I’m sure you remember all the articles last week telling us how people with strokes causing damage to the insula have reported that they no longer feel the urge to smoke. In this weeks New York Times health section Sandra Blakeslee explores the insula in depth, examining both the possible treatment options as well as the many other functions it serves.
Here’s a good snipit from the article:
If it does everything, what exactly is it that it does?
For example, the insula “lights up” in brain scans when people crave drugs, feel pain, anticipate pain, empathize with others, listen to jokes, see disgust on someone’s face, are shunned in a social settings, listen to music, decide not to buy an item, see someone cheat and decide to punish them, and determine degrees of preference while eating chocolate.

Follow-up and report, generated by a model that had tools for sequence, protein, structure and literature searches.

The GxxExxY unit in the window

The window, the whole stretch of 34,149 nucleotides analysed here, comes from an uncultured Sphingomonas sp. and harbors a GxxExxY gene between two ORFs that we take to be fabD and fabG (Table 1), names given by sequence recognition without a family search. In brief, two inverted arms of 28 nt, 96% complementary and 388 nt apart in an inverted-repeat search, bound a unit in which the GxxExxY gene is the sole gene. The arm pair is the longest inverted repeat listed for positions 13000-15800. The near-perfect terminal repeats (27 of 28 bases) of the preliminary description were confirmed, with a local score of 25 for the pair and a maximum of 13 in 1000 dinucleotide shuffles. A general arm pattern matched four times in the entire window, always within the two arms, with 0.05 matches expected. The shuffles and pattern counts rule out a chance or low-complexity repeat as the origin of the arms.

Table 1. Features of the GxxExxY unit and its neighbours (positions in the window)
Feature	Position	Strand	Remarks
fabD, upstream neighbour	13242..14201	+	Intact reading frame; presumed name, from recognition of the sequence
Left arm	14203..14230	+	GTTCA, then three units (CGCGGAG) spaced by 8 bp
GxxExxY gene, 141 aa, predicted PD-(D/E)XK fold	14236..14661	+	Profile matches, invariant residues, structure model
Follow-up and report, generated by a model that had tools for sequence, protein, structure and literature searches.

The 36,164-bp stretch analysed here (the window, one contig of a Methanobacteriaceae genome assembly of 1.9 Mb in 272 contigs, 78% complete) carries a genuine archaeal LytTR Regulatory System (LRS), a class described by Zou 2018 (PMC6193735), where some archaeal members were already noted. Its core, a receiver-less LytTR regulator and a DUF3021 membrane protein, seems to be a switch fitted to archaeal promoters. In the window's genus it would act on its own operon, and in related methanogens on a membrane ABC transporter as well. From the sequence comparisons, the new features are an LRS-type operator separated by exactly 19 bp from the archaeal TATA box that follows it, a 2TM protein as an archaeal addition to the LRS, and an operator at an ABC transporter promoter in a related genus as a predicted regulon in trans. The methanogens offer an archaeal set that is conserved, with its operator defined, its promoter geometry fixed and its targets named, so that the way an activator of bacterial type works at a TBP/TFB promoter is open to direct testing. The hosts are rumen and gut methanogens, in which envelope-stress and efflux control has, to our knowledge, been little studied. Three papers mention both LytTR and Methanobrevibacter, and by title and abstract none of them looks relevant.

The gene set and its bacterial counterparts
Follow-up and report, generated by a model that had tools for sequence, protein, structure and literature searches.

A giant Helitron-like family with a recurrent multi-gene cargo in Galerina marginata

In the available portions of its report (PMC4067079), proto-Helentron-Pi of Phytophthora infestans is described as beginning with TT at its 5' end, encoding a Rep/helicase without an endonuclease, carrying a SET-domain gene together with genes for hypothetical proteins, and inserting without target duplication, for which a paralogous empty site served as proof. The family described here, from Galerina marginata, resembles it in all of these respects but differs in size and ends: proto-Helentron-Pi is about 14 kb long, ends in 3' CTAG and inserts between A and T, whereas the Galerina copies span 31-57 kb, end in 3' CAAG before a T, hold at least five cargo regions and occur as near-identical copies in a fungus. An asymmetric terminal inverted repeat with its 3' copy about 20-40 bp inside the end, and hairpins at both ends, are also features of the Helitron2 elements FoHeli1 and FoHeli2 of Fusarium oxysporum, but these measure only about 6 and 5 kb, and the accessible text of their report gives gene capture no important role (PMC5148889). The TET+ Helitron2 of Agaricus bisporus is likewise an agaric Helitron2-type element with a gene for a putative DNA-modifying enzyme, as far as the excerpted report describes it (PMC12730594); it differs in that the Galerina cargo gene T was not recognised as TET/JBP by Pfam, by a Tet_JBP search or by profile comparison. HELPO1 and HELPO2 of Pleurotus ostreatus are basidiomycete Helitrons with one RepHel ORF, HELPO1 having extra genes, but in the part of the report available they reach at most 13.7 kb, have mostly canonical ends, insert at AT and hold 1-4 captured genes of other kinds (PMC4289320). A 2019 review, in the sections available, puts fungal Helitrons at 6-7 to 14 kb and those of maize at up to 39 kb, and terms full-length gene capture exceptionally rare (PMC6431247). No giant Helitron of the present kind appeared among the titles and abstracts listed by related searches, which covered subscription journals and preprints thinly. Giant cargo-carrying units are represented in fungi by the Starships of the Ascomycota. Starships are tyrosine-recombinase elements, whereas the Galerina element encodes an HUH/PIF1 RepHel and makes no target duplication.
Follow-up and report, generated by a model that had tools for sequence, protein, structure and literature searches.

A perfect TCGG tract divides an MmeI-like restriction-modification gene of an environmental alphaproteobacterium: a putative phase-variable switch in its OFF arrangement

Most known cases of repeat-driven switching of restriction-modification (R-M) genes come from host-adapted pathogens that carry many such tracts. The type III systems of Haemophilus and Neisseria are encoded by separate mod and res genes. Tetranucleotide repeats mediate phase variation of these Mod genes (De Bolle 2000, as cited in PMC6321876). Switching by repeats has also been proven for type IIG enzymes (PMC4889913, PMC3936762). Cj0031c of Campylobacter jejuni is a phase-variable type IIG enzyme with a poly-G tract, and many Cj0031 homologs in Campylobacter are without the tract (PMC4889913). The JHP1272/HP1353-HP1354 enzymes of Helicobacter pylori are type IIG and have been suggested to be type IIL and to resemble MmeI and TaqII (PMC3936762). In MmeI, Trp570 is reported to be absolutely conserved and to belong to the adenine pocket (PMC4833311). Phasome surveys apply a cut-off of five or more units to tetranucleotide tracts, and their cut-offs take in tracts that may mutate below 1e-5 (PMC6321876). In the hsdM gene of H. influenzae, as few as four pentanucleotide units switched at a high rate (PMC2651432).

Damage to the insula can lead to apathy, loss of libido and an inability to tell fresh food from rotten.